The Interruption of Normalcy

This week, I’m sort of all over the place. Lack of sleep over the past 48 hours has made focusing on writing a blog entry something of a difficult task. I said to my wife yesterday (who’s in the same nonsleep boat) that I feel like I used to feel in college after pulling an all-nighter. It’s still as unpleasant (actually, more so) as it was then, yet these days my exhaustion comes not from a decision I brought on because I put off for too many weeks that big paper or studying for a test. Nope. This current bout with sleeplessness runs household-wide.

Why? Two days ago, my wife and I adopted a wonderful two-and-a-half-year-old labradoodle named Ellie. In fact, Kathryn would say Ellie’s the perfect dog for us, and I’m inclined to agree. She’s calm. She doesn’t shed. And she has a great personality.


But while Ellie makes her transition from living at a kennel, on a farm miles from city, to living in our house in a city with its new smells, sounds, and sights (and steps! Stairs are a whole new experience for her), we’re finding that this transition for us includes getting up several times in the night to ensure that, until we figure out Ellie’s bathroom schedule, she opts not to use the floors of our house.

I’m happy to report that, thus far, there have been no accidents. We’re not deluding ourselves, though. We expect an accident here or there during this acclimation, or the chewing up of something that we were certain was out of reach or unattractive to a dog. Yeah, it would be wonderful if it didn’t happen, but I grew up with dogs and have had dogs during my adult life (though the past five years have been dogless), so I’m not entering into this with rose-colored glasses.

The new addition to our family, however, means inconsistent sleep patterns. It means earlier mornings for me, as well. There’s the 5:30 AM walk around the block while my wife sleeps. Yes, 5:30 might seem early, but I’m going into work at least two or three hours earlier for these first few days, so I take Ellie out to see if she has to go. Kathryn has altered her work schedule, too, and goes into work later than normal, around noon, then I come home early so that we don’t leave Ellie alone too long as she gets used to being the only hound in the house (she used to live in her own large kennel [she did have lots of space] with around 30 other dogs).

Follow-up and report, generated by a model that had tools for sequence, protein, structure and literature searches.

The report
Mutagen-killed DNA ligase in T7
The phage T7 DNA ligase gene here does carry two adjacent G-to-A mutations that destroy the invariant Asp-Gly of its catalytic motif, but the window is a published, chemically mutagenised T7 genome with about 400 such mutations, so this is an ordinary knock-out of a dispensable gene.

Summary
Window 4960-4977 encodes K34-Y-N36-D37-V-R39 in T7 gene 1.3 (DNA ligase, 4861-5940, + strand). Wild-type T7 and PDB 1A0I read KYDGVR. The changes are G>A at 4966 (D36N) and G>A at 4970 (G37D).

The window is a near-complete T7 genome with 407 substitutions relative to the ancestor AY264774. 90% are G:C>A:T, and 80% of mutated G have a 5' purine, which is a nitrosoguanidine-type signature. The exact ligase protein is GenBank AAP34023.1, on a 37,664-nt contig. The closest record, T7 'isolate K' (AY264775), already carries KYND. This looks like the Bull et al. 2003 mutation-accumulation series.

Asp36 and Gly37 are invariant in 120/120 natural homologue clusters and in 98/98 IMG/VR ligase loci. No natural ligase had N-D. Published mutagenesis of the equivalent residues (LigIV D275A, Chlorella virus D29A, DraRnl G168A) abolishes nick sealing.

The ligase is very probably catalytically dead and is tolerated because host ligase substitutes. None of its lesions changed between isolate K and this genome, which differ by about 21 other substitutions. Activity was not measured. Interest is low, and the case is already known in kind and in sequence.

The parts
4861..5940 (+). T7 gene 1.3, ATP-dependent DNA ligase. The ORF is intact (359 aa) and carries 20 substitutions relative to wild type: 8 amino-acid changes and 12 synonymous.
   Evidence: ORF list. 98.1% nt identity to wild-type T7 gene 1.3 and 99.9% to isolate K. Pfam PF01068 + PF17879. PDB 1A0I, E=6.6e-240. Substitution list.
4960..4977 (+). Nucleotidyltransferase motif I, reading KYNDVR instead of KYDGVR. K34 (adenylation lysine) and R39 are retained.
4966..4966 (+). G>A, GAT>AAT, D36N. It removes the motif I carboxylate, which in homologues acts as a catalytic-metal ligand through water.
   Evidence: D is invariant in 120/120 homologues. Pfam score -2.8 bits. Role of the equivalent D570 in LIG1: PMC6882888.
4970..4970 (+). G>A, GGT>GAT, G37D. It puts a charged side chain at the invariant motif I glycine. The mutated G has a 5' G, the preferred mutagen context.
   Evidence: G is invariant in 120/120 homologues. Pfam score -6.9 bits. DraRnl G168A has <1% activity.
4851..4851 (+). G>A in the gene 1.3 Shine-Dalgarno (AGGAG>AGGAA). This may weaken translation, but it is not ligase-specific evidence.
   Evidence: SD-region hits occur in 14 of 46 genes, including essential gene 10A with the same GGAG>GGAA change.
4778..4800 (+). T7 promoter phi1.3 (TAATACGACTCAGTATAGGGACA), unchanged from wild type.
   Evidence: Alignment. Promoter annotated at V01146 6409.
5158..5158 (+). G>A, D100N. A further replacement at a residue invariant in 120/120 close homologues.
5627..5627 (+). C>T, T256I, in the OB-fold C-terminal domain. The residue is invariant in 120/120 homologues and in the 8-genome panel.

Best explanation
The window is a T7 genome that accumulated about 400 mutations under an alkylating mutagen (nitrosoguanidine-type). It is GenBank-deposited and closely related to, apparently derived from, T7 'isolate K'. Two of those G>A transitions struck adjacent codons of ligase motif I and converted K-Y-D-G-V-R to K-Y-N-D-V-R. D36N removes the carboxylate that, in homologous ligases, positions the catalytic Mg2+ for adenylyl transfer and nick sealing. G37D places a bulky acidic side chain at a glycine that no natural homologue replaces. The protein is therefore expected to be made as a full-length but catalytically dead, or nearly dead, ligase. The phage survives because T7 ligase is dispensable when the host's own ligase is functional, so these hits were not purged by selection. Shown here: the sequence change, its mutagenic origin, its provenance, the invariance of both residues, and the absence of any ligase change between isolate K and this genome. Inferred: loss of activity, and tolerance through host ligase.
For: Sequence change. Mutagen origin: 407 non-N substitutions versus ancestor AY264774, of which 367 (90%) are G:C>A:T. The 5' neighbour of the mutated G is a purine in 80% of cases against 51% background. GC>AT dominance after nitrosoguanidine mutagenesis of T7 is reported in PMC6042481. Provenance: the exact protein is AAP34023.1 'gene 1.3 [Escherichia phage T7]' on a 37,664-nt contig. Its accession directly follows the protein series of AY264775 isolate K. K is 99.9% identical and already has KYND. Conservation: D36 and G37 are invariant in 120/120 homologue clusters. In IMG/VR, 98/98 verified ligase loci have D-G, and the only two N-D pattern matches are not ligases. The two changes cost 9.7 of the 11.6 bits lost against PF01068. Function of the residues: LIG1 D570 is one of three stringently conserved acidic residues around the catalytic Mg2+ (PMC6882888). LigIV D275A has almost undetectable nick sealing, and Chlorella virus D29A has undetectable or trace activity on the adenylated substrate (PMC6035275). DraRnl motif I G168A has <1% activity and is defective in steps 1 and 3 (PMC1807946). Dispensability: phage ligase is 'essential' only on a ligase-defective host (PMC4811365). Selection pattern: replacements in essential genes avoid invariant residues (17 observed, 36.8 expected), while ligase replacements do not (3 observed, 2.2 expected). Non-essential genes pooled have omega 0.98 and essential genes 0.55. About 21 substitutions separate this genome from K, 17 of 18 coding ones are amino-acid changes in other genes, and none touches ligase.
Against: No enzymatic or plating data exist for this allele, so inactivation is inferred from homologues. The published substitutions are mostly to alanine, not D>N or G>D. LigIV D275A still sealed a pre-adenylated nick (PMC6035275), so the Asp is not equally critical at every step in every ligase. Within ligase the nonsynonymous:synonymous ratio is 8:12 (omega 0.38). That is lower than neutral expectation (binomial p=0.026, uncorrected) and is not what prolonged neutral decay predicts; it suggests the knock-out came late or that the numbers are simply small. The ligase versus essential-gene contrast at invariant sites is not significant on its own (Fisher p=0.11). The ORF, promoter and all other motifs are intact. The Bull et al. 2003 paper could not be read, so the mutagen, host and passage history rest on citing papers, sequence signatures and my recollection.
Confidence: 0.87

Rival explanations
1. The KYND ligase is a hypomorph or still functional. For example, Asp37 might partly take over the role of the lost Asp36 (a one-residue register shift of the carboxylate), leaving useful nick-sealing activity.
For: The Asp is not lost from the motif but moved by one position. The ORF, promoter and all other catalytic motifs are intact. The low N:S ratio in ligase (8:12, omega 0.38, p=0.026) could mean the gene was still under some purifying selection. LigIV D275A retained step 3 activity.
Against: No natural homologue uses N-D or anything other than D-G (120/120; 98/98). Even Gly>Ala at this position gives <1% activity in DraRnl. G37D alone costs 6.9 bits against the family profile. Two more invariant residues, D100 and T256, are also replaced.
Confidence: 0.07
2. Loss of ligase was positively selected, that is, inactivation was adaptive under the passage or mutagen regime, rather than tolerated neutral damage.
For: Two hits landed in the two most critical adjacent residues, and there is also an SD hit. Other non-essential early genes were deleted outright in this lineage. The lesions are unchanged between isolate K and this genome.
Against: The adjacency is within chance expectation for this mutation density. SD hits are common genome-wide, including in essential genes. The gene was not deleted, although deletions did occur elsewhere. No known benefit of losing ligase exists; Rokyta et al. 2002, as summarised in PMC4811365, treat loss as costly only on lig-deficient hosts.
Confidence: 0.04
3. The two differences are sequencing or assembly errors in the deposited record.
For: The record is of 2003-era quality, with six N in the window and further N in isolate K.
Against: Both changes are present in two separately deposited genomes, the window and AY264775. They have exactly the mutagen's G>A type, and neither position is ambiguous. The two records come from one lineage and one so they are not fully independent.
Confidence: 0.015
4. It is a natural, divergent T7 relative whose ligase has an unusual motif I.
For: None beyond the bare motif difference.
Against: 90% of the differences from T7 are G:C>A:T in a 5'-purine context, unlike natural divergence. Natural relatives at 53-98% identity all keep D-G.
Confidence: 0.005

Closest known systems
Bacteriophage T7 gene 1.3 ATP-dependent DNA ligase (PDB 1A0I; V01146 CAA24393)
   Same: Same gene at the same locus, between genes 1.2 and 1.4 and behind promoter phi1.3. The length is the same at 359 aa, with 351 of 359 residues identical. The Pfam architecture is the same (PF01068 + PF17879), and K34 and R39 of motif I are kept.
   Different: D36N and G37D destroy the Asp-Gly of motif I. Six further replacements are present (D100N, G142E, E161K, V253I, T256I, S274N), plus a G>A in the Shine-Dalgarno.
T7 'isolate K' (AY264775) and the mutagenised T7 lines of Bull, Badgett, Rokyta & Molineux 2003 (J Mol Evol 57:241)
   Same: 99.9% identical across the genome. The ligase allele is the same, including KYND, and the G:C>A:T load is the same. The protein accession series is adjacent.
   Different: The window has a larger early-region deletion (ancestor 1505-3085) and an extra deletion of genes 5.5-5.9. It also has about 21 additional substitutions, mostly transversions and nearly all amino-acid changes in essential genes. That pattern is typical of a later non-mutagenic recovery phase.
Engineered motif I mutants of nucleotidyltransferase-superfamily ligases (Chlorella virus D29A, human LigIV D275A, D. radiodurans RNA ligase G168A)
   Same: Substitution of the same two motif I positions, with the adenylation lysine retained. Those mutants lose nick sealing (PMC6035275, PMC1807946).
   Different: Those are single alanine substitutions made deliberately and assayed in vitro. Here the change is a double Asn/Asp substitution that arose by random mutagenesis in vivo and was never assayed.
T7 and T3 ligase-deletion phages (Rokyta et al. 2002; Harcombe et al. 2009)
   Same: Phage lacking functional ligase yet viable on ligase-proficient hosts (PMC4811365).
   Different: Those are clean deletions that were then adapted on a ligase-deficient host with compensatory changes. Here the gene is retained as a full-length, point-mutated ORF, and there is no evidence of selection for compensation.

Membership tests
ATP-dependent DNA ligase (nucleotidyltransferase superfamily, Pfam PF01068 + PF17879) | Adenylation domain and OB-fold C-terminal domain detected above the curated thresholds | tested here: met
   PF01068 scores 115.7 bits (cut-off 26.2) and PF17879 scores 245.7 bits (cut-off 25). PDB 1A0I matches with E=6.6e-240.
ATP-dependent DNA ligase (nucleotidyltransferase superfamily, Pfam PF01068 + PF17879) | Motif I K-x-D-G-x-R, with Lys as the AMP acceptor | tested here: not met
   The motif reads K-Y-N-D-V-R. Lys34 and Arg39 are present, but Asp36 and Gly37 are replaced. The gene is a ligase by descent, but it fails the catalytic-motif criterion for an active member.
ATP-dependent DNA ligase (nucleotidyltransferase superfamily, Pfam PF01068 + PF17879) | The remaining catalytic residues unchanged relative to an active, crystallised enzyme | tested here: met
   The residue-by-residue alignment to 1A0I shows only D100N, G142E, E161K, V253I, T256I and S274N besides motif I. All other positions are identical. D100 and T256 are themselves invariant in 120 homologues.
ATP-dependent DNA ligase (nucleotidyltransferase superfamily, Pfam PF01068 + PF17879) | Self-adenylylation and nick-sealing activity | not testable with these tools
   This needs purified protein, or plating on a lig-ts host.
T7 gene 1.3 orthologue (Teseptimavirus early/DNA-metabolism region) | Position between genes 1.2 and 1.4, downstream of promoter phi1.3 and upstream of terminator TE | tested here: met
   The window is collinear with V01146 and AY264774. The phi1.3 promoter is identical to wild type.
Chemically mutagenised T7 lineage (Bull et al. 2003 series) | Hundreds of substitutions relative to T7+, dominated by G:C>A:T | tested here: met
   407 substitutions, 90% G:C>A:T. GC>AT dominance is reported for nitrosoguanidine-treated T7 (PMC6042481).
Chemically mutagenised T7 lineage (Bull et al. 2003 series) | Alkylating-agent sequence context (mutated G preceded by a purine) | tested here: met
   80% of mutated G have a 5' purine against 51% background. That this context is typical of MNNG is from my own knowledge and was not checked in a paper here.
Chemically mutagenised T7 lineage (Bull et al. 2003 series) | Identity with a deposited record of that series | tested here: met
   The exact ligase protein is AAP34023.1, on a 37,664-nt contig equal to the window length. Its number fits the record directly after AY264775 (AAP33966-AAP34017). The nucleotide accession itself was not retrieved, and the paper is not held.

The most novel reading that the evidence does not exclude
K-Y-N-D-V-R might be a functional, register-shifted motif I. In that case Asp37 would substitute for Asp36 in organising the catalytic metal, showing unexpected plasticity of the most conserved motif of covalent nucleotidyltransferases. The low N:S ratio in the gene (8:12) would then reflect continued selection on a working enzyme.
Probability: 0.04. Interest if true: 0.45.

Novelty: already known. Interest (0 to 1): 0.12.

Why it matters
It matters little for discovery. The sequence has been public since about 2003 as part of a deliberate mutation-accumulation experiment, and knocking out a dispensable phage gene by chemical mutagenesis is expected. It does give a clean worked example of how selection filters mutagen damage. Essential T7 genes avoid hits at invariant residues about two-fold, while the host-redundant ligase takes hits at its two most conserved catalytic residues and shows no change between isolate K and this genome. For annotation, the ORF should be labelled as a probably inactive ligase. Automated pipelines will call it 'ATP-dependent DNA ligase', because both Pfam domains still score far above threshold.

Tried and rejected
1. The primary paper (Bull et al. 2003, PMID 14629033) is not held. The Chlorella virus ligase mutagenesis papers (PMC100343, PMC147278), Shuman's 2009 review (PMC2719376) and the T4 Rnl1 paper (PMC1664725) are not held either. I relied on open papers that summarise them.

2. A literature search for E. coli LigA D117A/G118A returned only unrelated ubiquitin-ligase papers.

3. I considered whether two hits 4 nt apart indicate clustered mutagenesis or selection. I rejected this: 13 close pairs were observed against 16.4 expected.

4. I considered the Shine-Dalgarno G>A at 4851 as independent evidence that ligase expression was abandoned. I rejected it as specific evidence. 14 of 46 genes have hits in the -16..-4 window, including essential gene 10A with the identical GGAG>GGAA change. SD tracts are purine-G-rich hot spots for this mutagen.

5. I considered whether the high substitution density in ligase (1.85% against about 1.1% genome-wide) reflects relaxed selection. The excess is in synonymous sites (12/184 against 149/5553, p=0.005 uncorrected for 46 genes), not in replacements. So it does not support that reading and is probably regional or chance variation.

So, I’ve found that this lack of sleep in my mid-30’s brings with it, for me, the added concern of now having to pay attention to my blood glucose, not just the danger of nodding off in class in front of the professor. I’ve seen that when my schedule gets out of whack, I can sometimes pay a price in high or low blood glucose numbers—more often than not they’ll be high, because in my preoccupation with dog and work and caffeine, I won’t check my blood glucose as much as I normally do. A bad habit to get into, but it’s temporary, and I know that this transition period is simply that, and soon my sense of what is normal will shift slightly and settle back into routine.

Oh, and do we hope…wouldn’t it be great…wouldn’t it be wonderful, we think, if Ellie was one of those dogs who was able to sense low blood glucose levels in the middle of the night and woke us up. Yes, it would. But that’s not why we got her. I’m just saying, though…

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Eric Lagergren: Eric Lagergren was born in 1974 but didn’t give much thought to diabetes until March 2007, when he was diagnosed with Type 1. He now gives quite a bit of thought to the condition, and to help him better understand his life as a person with diabetes, he writes about it. Eric is the senior editor for the Testing Division at the University of Michigan’s English Language Institute in Ann Arbor. (Eric Lagergren is not a medical professional.)

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